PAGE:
Dortmund are playing Liverpool, not Jurgen Klopp - Marco Reus
Borussia Dortmund forward Marco Reus has played down his side's Europa League quarterfinal tie with former manager Jurgen Klopp.
Next Thursday, Klopp, who now manages Liverpool, is set for his first return to the Westfalenstadion with his new team after leaving Dortmund last summer.
Following a difficult term which saw BVB sneak into the Europa League ranks after hitting rock bottom earlier that season, the 48-year-old ended his successful seven-year spell at Dortmund and in October joined Liverpool.
Reus, 26, was one of the players who made a name for himself under the Klopp regime. In 2012, he returned to his hometown club from Borussia Monchengladbach, and was a key member of the team that reached the 2013 Champions League final against Bayern Munich.
"We chuckled when we heard the news because it was clear the old coach will return home," Reus told Sport Bild. "But we directly said that it's not BVB versus Klopp, but rather Dortmund versus Liverpool. We accept the draw: staid, professional, and hungry for success. And that's how we prepare."
Borussia Dortmund have not lost a competitive match in 2016. They have won 13 of their 15 games, and were only held to goalless draws by Hertha Berlin and Bayern Munich. They have amassed 64 points in the Bundesliga, more than any other second-placed team in league history after 27 match days, but still trail leaders Bayern by five points.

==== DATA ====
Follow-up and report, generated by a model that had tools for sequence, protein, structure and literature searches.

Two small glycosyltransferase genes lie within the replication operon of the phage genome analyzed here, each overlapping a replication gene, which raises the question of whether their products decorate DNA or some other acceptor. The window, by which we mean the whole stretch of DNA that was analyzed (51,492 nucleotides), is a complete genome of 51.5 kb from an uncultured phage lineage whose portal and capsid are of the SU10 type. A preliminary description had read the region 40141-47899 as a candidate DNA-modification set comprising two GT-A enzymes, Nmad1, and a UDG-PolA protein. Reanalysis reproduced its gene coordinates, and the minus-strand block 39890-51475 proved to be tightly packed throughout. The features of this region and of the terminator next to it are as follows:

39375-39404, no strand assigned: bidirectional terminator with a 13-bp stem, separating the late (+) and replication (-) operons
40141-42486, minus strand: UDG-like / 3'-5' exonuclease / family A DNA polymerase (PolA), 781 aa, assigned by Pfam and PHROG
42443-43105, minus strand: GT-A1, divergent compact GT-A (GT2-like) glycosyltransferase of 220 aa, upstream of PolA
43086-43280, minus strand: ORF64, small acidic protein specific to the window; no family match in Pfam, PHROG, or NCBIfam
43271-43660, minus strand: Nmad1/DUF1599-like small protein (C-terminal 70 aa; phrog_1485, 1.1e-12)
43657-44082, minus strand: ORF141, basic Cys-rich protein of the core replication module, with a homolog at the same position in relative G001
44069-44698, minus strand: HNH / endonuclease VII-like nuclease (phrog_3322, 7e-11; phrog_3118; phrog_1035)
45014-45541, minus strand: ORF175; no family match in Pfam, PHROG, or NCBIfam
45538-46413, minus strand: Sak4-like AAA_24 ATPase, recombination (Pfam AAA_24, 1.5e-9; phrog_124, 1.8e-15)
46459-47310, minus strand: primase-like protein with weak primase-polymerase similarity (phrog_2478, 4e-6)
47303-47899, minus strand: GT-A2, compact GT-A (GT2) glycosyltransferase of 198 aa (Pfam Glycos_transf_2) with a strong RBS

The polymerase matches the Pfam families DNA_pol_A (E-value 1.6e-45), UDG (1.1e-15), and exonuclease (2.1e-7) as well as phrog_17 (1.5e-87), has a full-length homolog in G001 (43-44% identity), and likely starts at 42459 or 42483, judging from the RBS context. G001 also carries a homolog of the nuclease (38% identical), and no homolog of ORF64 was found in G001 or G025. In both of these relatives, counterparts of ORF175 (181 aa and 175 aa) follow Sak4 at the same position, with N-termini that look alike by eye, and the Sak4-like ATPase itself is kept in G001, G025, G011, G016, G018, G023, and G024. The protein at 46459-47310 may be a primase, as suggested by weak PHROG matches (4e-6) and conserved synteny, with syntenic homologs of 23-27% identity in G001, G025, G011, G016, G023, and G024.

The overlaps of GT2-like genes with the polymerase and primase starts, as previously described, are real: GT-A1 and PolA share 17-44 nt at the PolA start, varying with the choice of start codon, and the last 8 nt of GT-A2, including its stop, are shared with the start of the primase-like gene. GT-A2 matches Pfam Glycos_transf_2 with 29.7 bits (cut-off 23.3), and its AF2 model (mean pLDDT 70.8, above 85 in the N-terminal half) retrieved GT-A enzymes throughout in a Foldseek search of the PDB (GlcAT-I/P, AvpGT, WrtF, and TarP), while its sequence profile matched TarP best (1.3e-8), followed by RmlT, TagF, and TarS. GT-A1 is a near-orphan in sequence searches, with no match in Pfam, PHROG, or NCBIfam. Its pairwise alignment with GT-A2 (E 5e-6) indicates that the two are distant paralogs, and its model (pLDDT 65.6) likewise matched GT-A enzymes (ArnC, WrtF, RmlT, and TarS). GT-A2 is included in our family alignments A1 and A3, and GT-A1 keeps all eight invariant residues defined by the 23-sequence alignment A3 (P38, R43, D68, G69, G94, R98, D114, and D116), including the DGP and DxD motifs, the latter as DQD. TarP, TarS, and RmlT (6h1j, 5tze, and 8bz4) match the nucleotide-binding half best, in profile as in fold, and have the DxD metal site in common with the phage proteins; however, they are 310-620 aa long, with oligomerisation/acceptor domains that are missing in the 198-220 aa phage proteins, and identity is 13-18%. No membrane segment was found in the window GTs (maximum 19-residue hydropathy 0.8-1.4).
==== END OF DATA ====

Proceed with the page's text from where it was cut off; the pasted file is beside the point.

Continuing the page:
However in 2016, BVB have reduced Bayern's lead at the top by three points, and could still end up winning their third title this decade. They also still have stakes in the German Cup and Europa League, where they have been named favourites to lift the trophy at the end of the season more than once.
Reus believes that Dortmund will need to show all their qualities to advance past Liverpool.
"Should we wane just a few percentage points then we'll be without a chance. They have a good team, and especially in attack they have great players."
Still, should Dortmund make it past Liverpool, Reus could still be in the race to win four trophies in 2016 -- three with BVB, and one with the national team, where he has become a permanent squad member again after missing the 2014 World Cup triumph with an ankle injury.
Despite playing in two German cup finals and a Champions League final, Reus has never won a big trophy in his career, and admitted that while it doesn't really "bother" him, he's "the first who wants to change it."
"I had the chance to win a few trophies in the past few years. But it just didn't work out. But right now all is running according to plan. But I also have to say: I am also happy without trophies. Football is an important part of my life, but not everything," he said.
When asked whether it would be more special to win one trophy with Dortmund than one with Bayern Munich, Reus replied: "For me, that is true. Yes. But it's not easy for us.
"When you play such an outstanding season like we did so far and still trail Bayern by five points then that's tough. Bayern just don't drop any points. But we still are the most constant team in 2016, that has been our goal."
Just over a year ago, Reus extended his contract at Dortmund despite interest from major clubs and BVB experiencing one of their worst seasons in recent history.
Reus said of the decision: "I opted for BVB because I need my regular environment where I feel at home. It has nothing to do that I am not able to handle the pressure or what is permanently speculated. We are also measured in wins and trophies here at Dortmund.
"Domestically, we just have the problems right now that Bayern constantly play on a level which we have not reached yet. But we want to get there, and we feel that we are absolutely capable of it."